Thursday, February 19, 2009

That grand old umbrage

Thursday, February 19, 2009

Two stories from the This Changes Everything Department:

* Blackwater Security Worldwide Inc., which has run up a portfolio of atrocities under contract in Iraq, has changed its name to Xe. (Pronounced "Z.")

* Meanwhile the Republican Party, having unashamedly run up debt for eight years, has renamed itself the Prudence Party.

Members of the PP, Prudes for short, can say they opposed deficit spending from the start, since the party's new brand wasn't around for the Reagan administration or either of the Bush administrations.

Hence, duly rebranded, the party can assail Barack Obama's stimulus bill with near religiosity. For debt runs against the very core of the party's newly minted principles.

When the then Republican Party was running up debt, putting two wars off-budget, awarding "cost-plus" contracts to the likes of Halliburton and Blackwater (Xe), we weren't supposed to worry our handsome little heads over the matter.

Recent reports about corruption in Iraq reconstruction (a term now certifiably oxymoronic) should make every American shudder. It ranges from shrink-wrapped bricks of $100 bills that spread with the desert winds to bid-rigging and bribes that may have enriched U.S. military honchos, according to The New York Times.

Reports the Times, the $125 billion spent "to improve services and convince Iraqis of American good will, largely managed to do neither." Oh, well. It's only money.

So, now we have a major spending bill directed at — of all things — tending to matters on these shores. And we have the born-again Prudence Party in full flower.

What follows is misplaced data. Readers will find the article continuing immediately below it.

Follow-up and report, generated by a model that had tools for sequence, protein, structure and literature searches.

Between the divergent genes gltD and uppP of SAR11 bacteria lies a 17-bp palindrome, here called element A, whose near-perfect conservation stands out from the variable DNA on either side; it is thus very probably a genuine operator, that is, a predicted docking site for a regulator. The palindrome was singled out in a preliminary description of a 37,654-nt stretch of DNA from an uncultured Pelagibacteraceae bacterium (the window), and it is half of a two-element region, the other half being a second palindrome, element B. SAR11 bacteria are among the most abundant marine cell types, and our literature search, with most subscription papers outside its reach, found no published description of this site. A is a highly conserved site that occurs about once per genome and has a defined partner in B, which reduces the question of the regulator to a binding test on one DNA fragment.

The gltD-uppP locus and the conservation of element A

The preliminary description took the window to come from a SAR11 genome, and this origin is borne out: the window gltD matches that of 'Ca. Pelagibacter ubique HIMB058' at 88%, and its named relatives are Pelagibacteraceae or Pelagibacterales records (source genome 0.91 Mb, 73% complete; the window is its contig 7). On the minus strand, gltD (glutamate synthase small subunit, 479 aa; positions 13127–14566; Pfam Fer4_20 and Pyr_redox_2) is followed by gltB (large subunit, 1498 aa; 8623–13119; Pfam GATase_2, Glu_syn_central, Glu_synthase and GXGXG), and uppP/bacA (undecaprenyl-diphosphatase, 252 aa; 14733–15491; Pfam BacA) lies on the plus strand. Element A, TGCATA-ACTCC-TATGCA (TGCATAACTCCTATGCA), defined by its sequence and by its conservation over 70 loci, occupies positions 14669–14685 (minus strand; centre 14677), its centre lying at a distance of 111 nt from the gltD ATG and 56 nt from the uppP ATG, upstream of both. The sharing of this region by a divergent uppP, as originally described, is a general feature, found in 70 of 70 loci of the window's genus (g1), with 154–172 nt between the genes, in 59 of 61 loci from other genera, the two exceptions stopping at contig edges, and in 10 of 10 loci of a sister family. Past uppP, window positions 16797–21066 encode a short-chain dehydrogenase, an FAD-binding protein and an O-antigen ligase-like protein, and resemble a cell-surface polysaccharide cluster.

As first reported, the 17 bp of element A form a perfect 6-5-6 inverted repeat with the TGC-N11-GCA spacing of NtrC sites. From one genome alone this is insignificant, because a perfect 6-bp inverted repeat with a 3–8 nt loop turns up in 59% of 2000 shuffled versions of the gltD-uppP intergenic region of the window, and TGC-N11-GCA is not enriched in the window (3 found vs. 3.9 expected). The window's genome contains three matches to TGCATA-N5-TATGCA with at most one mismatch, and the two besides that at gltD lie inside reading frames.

No one can look at the stimulus measure and not worry about the size and added debt incurred. We can all debate whether some of the measures are true stimulus components or simply things an activist White House wants addressed.

One thing about this package, though: It's all there for you to examine, along with built-in apparatuses to monitor how the money is spent.

Will it stimulate? Of course, it will. The combination of tax cuts and spending will get things moving.

Will we recoup the cost? Probably not. At some point when the economy is righted we need to dispense with the notion that we can have this government (including a military that spans the globe) without paying what it costs. Yes, raise taxes. Yes, on all of us.

Back when Bill Clinton signed a bill raising taxes on upper incomes, the opposition predicted economic catastrophe. Some catastrophe. Before the end of his administration, for the first time in a generation, our government actually was buying back its bonds, paying down debt.

If you are really serious about debt, you see, you acknowledge that we've bought more government than we are willing to pay for. You say it's time to pay for it.

Who was going to pay for our armed venture in Iraq? No one prosecuting the notion gave it a thought.

Yes, Prudence, it's time to give thought to the debts we are accumulating.

Rest assured, however, were the Republicans still the party in power, the current economic crisis would have caused them to raise the national debt further as they leaned on the one-trick pony of tax cuts.

Voters chose another pony.

John Young is opinion editor of the Waco (Texas) Tribune-Herald. E-mail:

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